Atlanta Hawks’ Trae Young has street named after him in hometown


Trae Young smiled proudly and clapped with his Atlanta Hawks teammates and other attendees when he saw the street sign for the first time that read “Trae Young Drive” in his hometown of Norman, Oklahoma.

The Hawks guard’s hometown dedicated a street in his honor Sunday afternoon in recognition of his contributions to the city. Trae Young Drive is in front of the new Young Family Athletic Center, a multisport and swimming complex slated to open in January 2024. Young’s parents and siblings, Hawks teammates, former Hawks star Dominique Wilkins and Norman mayor Larry Heikkila were in attendance.

“It’s still just a whirlwind,” Young, 25, told Andscape in a phone interview Sunday after the event. “As athletes and pros, we all dream of being in the NBA or dreaming of hitting big shots and big moments or whatever. You don’t necessarily dream about having your own street named after you. So having that is surreal and I don’t know if it’s really hit me yet. I think it will once I see people really driving on it and me having to type in [and] drive on my Apple map search to get it; that’s when I think it would hit me.”

Young was born in Lubbock, Texas, where his father was a basketball star at Texas Tech, but the two-time NBA All-Star grew up in Norman. The former Norman North High School star was ranked as the nation’s 23rd best prospect in the 2017 ESPN 100 after averaging 42.6 points per game as a senior.

When he committed to the Oklahoma Sooners in 2017, the renowned sharpshooter added to his Norman legacy by signing where he was “most comfortable.” Young averaged a nation’s best 27.4 points per game and 8.7 assists with the Sooners before being drafted fifth overall by the Hawks in 2018.

“Norman meant everything to me,” Young said. “I let everybody know I was born in Texas but raised in Oklahoma. I definitely put the Oklahoma flag on my back because I know I really grew up here. I went to elementary school here, middle school here, high school and then college. So, it really raised me to be who I am today.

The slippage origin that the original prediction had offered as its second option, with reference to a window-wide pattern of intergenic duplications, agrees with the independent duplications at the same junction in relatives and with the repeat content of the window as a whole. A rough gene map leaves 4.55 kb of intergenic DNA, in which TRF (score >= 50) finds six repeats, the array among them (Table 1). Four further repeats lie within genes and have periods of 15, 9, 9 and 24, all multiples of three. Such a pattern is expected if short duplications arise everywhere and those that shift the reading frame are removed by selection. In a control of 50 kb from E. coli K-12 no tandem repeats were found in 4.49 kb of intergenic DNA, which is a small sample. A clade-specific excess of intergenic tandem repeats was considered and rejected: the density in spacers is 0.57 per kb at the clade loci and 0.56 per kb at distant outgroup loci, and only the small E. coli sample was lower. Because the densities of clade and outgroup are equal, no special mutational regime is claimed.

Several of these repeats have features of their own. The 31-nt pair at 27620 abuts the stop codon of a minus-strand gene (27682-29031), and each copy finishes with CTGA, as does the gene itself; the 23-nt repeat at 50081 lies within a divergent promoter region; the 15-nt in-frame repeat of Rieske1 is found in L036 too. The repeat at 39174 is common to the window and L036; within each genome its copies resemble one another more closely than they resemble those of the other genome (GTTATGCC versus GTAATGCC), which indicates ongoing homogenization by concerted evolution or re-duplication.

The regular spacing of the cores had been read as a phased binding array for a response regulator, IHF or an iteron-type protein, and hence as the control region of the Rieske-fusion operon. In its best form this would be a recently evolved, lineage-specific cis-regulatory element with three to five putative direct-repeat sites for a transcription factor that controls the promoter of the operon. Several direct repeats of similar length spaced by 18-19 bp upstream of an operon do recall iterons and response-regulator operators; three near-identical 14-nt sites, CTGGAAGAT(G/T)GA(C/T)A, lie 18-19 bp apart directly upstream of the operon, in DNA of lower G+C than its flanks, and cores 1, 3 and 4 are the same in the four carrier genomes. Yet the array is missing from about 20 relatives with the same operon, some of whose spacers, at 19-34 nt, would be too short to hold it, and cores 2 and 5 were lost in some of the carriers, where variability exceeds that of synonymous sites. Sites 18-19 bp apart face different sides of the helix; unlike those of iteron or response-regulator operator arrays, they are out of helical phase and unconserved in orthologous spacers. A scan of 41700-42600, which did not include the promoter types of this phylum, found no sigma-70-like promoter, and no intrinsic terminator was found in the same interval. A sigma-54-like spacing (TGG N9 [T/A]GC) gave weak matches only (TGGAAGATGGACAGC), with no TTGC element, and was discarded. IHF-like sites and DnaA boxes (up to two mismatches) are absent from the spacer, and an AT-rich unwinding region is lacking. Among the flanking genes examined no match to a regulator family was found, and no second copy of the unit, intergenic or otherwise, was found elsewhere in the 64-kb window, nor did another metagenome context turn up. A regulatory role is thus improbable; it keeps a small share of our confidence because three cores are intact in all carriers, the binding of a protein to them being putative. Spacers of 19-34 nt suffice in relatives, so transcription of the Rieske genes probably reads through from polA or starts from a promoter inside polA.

“And I don’t mind letting people know I’m from a small city and a place that not a lot of people really make it to be professionals in anything. So, I definitely try to represent it every day.”

Young and his sisters, Caitlyn and Camryn, grew up playing sports at the YMCAs in Norman. He plans to offer local youth a sports facility on a grander level with the new Young Family Athletic Center that he has invested $4 million into through The Trae Young Family Foundation.

YFAC has eight basketball/volleyball courts and an Olympic-sized swimming pool in a 122,000 square foot facility in North Norman. Young hopes the facility will also be a hot bed for local high school, AAU and national youth basketball and volleyball tournaments and swimming meets. Attendees to such events would also bring money to the Norman economy.

“We have the [YFAC] that we built, and my street leads right onto it. So, we will have some of the biggest tournaments, some of the biggest high school games,” Young said. “I’m trying to have them brought to Oklahoma and you’re going to have to turn onto Trae Young Drive if you’re going to want to go to the gym. So, it is a pretty cool thing.”

Young was pleasantly surprised about his Hawks teammates attending the ceremony on a day off. The Hawks defeated the host New Orleans Pelicans 123-105 on Saturday and then flew to Oklahoma City afterward. Young’s teammates also took part in a tour of the YFAC.

“All my teammates came out,” Young said. “I didn’t even tell any of them about me having my own street named after me or I was going to be celebrating it when I got here. But I think a couple of them got word. And then they all told me that they was coming. So, to see them all show up, it was really cool because I know they’re all busy.”

The Hawks (4-2) make their lone regular-season visit to play the Oklahoma City Thunder (3-3) on Monday night. Young added that it always means a lot to play back home in OKC, which is about 20 miles from Norman. Young has averaged 25.1 points, 9.7 assists and 4.0 rebounds in nine career games (5-4) against the Thunder, according to Statmuse, including 41 points March 30, 2022, in Oklahoma City.

“The game in Oklahoma City is always special,” Young said. “It’s not too often you are on the road and you get cheers when your name is called out in the starting five. It’s always a cool feeling coming back here. I see a lot of familiar faces in the crowd when I go to the game, so it’s always fun.”

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